I've been building a project using some Infineon IPA093N06N3 MOSFETs. I carefully picked the correct values for the MOSFET that I needed, and calculated an estimated Tj based on the thermal resistance of the package I was using.
I only just noticed today the Safe Operating Area graph in the datasheet whilst looking up the pinout for the package. The SOA suggests that this MOSFET (and a lot of others I took a look at afterward) is only rated to "safely operate" in a very small window, despite the much larger maximum operating conditions listed on the first few pages of the datasheet.
Taking the linked datasheet above as an example, it states that the MOSFET is capable of a VDS of 60V and a ID of 43A. A further look on page 4 shows the SOA graph, which states that at any VDS over 10V you are limited to a ID of 10A. I previously assumed that, so long as you stayed inside the maximum ratings and you could cool the MOSFET to below Tj(max), that any value for both of these would be alright.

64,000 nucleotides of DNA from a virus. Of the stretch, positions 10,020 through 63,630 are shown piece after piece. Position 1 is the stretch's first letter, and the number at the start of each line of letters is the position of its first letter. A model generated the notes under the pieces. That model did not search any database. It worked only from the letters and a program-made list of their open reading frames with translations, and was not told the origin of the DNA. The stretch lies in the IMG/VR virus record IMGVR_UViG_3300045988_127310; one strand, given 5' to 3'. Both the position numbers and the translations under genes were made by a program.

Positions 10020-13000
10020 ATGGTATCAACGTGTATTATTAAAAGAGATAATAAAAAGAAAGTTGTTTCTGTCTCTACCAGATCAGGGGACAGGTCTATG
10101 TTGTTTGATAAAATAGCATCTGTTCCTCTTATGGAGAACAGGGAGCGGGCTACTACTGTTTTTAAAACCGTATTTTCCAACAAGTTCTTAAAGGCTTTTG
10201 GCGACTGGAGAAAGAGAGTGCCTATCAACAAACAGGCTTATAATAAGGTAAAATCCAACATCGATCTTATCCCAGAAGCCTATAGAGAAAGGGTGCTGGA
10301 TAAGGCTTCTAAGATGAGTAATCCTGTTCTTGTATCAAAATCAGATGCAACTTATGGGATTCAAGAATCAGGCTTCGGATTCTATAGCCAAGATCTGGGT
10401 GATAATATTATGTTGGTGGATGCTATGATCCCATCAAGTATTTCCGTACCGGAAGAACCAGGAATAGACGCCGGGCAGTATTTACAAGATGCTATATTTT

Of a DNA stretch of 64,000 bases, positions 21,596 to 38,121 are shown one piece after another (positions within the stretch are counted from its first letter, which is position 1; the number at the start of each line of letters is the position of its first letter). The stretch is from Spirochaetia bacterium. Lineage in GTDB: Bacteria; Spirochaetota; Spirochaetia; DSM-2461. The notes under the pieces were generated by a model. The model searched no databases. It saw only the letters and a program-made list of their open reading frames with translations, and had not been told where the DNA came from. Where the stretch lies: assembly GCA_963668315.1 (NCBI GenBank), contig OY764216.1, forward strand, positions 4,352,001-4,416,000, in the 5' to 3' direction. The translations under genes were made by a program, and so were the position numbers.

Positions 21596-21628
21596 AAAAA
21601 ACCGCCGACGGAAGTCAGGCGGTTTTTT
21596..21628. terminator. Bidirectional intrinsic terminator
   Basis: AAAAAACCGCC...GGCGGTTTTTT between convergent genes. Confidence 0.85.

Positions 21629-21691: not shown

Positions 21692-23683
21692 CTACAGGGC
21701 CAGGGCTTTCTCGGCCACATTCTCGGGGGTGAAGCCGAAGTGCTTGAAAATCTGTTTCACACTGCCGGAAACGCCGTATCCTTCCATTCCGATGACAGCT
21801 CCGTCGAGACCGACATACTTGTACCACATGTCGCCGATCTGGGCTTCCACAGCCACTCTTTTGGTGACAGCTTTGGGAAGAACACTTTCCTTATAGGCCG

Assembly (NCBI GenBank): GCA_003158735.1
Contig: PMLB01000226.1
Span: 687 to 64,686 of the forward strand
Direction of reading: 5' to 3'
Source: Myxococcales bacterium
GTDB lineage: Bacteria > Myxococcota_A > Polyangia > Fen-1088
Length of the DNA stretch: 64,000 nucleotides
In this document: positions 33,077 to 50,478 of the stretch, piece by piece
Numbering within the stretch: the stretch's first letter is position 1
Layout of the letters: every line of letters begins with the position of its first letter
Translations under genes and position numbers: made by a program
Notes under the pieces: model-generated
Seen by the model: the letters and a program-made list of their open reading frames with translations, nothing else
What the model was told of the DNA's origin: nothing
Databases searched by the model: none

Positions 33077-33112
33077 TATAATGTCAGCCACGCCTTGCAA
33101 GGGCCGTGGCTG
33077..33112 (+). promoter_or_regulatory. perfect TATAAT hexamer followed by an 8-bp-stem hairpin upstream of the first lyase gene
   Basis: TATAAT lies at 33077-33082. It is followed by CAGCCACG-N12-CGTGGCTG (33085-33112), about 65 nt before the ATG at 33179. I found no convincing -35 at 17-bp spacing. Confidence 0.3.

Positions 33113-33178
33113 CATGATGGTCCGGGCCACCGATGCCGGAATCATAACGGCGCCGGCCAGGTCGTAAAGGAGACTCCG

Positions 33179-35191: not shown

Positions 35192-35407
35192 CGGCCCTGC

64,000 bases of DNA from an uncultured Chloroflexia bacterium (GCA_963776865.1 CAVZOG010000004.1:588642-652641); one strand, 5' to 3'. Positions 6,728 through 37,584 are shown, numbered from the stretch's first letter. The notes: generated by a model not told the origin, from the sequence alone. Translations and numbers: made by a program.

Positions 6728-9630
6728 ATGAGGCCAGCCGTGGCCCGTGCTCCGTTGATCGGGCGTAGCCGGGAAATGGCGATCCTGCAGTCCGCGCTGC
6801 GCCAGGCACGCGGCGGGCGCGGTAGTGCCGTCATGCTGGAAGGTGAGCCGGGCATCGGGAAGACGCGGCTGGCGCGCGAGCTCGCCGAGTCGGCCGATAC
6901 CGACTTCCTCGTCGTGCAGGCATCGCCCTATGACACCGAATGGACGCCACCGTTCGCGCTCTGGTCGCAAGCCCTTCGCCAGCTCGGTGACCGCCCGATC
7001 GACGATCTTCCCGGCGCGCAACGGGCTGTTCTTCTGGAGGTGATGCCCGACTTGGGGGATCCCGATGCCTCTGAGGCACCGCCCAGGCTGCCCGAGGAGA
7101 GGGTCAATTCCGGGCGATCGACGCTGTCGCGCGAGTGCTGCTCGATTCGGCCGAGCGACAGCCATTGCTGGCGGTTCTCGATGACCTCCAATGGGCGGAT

If the MOSFET is capable of switching a large current whilst staying under the Tj(max), what other limiting factors might there be that would cause the manufacturer to state that they are only capable of smaller currents above certain voltages?